Here are the steps we used to get her Drive in tip-top shape, and it’s the system I use in my own account. If you’d like to simplify your digital library, follow these steps, and stick to the “New Habit” at the end.
1. Create 2 New Folders: The YEAR (2020-21), and “OLD”
Doing this will help you get started, and is an important first step to digitally organizing your files. It might not seem like it, but now, you have a simple system to focus on your current year of work and “keep” any old items you might not need anymore. It keeps your “real work” clutter-free.
If you ever need to refer to an old item, it’s tucked away in the correct file. Now, with your outdated items in a safe place, you don’t have to get rid of potentially valuable content and you can reference them if necessary! (I’ve done this multiple times with spreadsheets, notes, or outdated math documents.)
Bonus tip: If you want to get really fancy, you can organize your “OLD” folder as well! Start with creating a folder from each year you have taught, then follow the next steps.
2. Go into the new “Year” Folder. Make a “New Folder” for EACH Subject
These subject folders seem pretty “no duh”, but they will only work for you if you stay vigilant for when you create/move files around in your drive. If you’re a Middle/High school teacher, do it by class or Grade Level, whichever you prefer. (See Your New Habit)
I also have individual folders for other education-specific items, like “Parent Stuff”, “Sub Plans”, “Field Trips”, “Classroom Setup”, and other items. In fact, here’s a picture inside my professional Drive. Notice how each subject is accounted for, as well as other folders that have their own organizational purposes!
3. Create “sub-Folders” within your Subjects.
It’s up to you with how specific you want to get. The goal of this project is to go from general to specific. Personally, I go into each Subject folder and create folders that are more distinct.
Items or topics related to Literacy also have their own folders, as you can see. My Small Group resources, DRA info, and Graphic Organizers (check those out at my Etsy Store here!) have their own spot in my Literacy folder.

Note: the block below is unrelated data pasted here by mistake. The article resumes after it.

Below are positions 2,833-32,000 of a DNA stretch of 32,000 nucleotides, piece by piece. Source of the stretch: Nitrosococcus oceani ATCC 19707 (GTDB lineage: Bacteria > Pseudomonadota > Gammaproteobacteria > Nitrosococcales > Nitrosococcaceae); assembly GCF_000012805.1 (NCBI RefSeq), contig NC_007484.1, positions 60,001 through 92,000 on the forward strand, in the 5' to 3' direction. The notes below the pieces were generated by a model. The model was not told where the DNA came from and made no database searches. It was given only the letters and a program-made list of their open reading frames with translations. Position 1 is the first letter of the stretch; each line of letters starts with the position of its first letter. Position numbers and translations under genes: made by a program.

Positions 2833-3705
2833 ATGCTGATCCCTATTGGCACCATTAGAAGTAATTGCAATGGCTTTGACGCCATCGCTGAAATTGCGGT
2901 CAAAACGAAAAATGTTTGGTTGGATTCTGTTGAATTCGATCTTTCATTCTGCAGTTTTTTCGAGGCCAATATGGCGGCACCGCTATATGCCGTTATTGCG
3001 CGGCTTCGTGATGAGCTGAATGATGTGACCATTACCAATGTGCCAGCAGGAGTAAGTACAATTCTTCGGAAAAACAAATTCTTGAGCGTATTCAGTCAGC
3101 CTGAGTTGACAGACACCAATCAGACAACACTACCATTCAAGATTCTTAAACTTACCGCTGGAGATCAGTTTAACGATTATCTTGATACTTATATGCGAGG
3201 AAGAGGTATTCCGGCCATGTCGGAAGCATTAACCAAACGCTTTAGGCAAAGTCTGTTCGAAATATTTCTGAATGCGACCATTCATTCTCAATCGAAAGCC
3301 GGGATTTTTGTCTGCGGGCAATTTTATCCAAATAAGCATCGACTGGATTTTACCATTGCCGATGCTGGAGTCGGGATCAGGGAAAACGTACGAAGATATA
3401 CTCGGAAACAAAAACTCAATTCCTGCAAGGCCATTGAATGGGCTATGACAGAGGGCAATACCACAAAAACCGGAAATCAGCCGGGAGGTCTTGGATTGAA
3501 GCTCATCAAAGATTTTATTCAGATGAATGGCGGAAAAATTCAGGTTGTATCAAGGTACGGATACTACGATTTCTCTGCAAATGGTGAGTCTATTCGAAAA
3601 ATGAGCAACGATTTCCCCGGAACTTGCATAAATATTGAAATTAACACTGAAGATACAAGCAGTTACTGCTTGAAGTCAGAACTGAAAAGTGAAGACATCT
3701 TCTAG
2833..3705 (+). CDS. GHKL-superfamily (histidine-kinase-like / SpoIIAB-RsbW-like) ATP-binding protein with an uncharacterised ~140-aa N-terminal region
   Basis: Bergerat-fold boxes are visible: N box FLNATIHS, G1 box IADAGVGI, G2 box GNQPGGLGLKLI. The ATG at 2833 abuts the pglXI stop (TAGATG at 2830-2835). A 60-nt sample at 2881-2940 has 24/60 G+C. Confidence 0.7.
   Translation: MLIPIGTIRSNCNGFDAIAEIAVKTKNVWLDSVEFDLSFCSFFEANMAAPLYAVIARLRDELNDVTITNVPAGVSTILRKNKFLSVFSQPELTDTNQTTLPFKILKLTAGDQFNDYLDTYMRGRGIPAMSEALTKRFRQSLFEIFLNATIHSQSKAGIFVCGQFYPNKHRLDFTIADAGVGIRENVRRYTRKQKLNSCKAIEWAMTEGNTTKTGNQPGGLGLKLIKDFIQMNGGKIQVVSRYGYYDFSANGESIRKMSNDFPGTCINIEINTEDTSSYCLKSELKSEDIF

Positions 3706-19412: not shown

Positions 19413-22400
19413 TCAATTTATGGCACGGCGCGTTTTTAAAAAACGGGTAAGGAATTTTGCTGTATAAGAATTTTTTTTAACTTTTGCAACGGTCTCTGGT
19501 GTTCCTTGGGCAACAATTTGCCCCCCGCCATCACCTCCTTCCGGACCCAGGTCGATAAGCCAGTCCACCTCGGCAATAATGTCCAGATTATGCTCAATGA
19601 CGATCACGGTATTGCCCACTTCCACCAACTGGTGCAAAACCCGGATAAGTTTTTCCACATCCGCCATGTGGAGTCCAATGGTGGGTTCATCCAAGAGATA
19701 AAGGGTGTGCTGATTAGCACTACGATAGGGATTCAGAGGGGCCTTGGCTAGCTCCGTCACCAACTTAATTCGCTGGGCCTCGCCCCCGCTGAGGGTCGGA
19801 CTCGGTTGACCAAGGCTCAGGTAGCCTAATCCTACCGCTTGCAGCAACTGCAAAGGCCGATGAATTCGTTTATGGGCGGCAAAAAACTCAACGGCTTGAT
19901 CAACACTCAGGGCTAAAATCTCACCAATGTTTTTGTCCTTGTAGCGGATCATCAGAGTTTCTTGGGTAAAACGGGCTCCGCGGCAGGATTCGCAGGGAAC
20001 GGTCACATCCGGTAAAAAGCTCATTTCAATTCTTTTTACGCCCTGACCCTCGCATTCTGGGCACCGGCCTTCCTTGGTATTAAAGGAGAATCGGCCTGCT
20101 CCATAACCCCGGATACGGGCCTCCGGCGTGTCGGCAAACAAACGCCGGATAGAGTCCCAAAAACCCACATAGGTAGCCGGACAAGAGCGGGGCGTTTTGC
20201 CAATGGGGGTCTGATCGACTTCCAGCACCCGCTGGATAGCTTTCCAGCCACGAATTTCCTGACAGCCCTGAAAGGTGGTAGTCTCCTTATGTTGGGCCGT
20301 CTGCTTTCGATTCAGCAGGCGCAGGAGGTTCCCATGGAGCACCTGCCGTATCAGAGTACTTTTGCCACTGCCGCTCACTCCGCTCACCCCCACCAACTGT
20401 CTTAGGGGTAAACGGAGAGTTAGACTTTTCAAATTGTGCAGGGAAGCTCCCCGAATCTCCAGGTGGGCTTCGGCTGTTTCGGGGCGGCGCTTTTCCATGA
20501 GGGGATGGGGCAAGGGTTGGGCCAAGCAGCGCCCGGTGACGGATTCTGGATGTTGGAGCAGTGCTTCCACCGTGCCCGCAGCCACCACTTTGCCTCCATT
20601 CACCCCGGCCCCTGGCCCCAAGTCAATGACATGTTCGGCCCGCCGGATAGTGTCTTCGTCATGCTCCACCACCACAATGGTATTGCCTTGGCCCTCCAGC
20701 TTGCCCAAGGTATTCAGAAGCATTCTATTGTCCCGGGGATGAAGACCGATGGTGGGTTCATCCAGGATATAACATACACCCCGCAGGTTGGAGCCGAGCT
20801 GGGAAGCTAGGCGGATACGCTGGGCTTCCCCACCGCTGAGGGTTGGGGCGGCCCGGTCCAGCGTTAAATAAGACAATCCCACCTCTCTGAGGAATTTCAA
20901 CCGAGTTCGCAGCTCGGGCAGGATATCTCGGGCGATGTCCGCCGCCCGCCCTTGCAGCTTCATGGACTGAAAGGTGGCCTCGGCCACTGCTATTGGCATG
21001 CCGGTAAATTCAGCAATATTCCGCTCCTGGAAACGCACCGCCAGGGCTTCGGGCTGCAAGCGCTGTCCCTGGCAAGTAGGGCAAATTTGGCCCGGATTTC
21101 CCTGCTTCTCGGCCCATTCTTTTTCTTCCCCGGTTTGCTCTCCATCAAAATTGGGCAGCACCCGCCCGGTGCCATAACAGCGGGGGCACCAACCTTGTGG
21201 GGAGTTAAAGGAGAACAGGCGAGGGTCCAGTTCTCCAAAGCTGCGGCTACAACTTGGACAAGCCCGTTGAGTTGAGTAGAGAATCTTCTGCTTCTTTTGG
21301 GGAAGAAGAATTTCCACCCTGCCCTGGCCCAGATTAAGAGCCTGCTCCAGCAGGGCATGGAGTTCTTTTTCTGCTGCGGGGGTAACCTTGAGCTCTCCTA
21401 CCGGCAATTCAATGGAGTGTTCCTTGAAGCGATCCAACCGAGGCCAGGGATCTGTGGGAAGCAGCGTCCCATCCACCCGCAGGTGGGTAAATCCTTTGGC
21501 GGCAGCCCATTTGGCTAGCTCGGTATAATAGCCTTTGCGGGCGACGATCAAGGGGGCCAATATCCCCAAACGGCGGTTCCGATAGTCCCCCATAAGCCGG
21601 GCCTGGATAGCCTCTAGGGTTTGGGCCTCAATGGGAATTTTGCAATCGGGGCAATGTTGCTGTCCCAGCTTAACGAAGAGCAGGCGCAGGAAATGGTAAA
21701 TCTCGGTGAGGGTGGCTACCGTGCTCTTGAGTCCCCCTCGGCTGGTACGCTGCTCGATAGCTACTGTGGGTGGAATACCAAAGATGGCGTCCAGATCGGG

It’s like Inception, but with folders. For example, In my Literacy folder, I have a different folder for each Unit. Within those Unit folders, I have folders for Focus Wall, Slides, and Worksheets for each lesson. Within the Slides folder, I have the individual Literacy Slideshows. (If you’re interested in my template, check it out here!)
The more specific you can be, the better! Because when you’re looking (or planning) for something, your folders will guide you (and your documents) where to go.
4. Move your current files to the correct place.
This will take time! Don’t give up, please 🙂 Some Drives are messier than others; some Drives have a long way to go. The important part here is to make sure each file is given their most logical resting place.
A couple easy ways to do this is to “right-click” the file, select “Move To”, and allow your map to guide your file to its home.
Another method is found on the left side of your Drive. In the margin, click the little arrows to expand each folder fully. Then, when you have your file that needs to move, drag it to the left side and drop it into the correct folder!
Bonus tip! If you have files that could belong in two different folders, make a copy! This isn’t very common, but sometimes I’ll have a copy of a coloring page that belongs in “March” of my “Art” folder also have a place in “Unit 3A” of my “Literacy” folder. It’s ok to have multiple homes; do what works best for you!
5. Carry Over Your Material Each Year!
At the end/beginning of a school year (depending on how you operate), simply change the name of the 2020/21 folder to the next school year, and move any outdated, unnecessary files into your “Old” Folder (if “OLD” is organized, you’re already a step ahead!).
Doing this will allow you to repeat what has worked in the past, while having a framework for introducing new material in the future. Having a living, breathing (ok, too far) Drive is essential for staying organized – and it’s a pretty easy system once you commit to it!
6. Follow the New Habit
Your New Habit: From now on, any time you create a new document, do it from the correct folder! This is CRITICAL. You are no longer going to “Docs.google.com” or “Slides.google.com” to make a new item. In fact, NEVER do that; if you do that, those files are created individually and then just thrown into your Drive, all haphazard-like. From now on, click all the way to the place your new item belongs, and then create it from there.
For example, if I want to make a Vocabulary Quiz, I go to my Year > Literacy > 2B > Vocabulary > Quizzes. Then from this folder, I create a “New Doc” from the top left. (Fun fact, I’d probably create a New Slide because I can customize those better, but I’ll talk on that later.)
Bonus tip: If you download, or have a document shared with you, move it to the correct folder!
With intentionally dedicating time to my easy process, you will feel a new sense of organization in a place you might not have had before. It will yield hours and hours of saved time as well! I bet any teacher would rather spend their time connecting with a student or enjoying a few more minutes of their prep than looking for “that one page we did last year”.
Being digitally orderly is now more vital than ever in the educational world.
Without Google Drive, I honestly don’t think I would have made it as a teacher. And, oddly enough, virtual organization can change your entire teaching experience. I know it has changed mine.
And they lived happily ever after.